After all the scary terrorist attacks in London and Manchester, we were unsure if we would be able to visit London during this study abroad trip. Things calmed down enough that we felt safe taking the students in for a day. So we got up early and headed to the train station.
We waited at the train station for our train to London. We had to take the 9:01 train because we had super-saver group tickets that cannot be used during peak hours (and peak hours in the morning end at 9:00).
On the train we sat near each other and this kept the kids reasonably entertained.
Holly looks happy. I think I caught Gideon off-guard.
Zeke and Micah enjoyed looking out the window.
And the occasional snuggles.
Micah also enjoyed playing peek-a-boo with John.
The kids got hungry, but luckily, Aunt Shelley bought some muffins at the train station.
Micah devoured hers.
We arrived at Paddington Station and transferred to the Underground.
We got onto the Underground and took the yellow Circle Line to South Kensington.
Along the way, some street performers got onto the tube with us.
London Science Museum
Our destination was the London Science Museum. When we got there, we immediately went to the floor with mathematics and computing. The first thing we saw was perhaps the best: Babbage’s Difference Engine. It was the world’s first computer. It could perform basic calculations and was not a general purpose computer (like what we all use today). However, Babbage ran out of money and never completed it, but this is a recreation to prove that it worked (and it did). Notice the printer to output the results of the calculations.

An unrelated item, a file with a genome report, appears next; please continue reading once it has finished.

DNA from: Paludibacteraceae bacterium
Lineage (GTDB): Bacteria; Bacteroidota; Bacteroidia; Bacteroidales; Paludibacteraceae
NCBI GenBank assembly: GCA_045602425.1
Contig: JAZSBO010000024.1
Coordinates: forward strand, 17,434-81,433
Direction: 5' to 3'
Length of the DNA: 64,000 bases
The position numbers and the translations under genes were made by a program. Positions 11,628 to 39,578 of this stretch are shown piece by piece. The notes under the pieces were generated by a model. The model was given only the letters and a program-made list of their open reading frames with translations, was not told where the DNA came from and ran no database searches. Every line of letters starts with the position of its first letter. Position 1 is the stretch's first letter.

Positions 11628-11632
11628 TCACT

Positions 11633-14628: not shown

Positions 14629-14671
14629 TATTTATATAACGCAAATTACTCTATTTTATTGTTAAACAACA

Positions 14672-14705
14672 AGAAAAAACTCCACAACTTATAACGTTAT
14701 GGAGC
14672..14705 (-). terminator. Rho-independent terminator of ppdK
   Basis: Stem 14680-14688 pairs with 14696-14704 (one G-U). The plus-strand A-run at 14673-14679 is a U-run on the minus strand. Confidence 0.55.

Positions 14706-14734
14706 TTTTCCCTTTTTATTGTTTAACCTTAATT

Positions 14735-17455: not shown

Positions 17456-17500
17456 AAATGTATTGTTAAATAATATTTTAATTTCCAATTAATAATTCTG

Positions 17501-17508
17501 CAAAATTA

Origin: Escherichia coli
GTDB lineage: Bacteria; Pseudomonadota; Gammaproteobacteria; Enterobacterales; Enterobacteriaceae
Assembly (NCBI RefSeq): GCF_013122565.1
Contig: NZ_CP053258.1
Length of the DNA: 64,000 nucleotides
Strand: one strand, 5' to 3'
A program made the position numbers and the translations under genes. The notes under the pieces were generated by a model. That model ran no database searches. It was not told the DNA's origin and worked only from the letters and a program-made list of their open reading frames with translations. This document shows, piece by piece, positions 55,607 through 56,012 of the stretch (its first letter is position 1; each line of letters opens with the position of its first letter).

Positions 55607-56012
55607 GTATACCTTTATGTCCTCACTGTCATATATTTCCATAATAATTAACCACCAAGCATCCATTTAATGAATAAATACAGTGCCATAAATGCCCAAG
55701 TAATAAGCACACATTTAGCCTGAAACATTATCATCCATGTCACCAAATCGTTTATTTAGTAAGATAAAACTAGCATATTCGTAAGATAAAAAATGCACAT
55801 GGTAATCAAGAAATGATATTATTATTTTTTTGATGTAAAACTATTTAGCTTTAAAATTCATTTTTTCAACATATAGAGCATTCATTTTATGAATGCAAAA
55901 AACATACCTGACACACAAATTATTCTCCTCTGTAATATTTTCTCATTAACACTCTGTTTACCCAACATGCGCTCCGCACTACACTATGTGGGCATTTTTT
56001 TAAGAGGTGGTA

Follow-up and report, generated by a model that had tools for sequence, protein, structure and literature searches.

We went ahead and got a group shot in front of it.
My colleague, Dr. Homer, teaching class:
They also had an Enigma Machine, the machine that encoded Nazi messages, which the Allies were able to break thanks to Alan Turing and many others.
Here’s the description from the plaque:
We saw many other famous early computers. Below is the Pilot ACE, a computer designed by Alan Turing and built later.
Below is a panel about early pioneers, like Turing.
They also had some of the first personal computers, like this Apple Macintosh. My family had one of these and it was amazing in its time.
Lunch and Transit to Churchill War Rooms
After we finished our time at the London Science Museum, we broke up into smaller groups and headed out to see what we wanted to see. Everyone had their train tickets, so as long as you were in a group, you could go anywhere you wanted in London and meet back in Oxford later that night. We had 11 students come with us to see Churchill’s War Room.
So we headed back to the Underground.
Micah was already very tired.
We got in the tube and headed out.
Walking along the streets of London, we found a cafe and got lunch. We ate as we walked.
We passed by Westminster Abbey, but didn’t have time to go inside.
The line to go into the Churchill War Rooms was very long and it rained steadily while we waited outside, but we were prepared.
Erin and Micah chilling out in line. (Erin has the Ergobaby baby carrier on underneath that jacket)
Churchill War Rooms
The war rooms were cramped and spartan. Below is a recreation of the meeting room as it would have looked during some of the final meetings of the war. Churchill’s wooden chair is in back in the middle.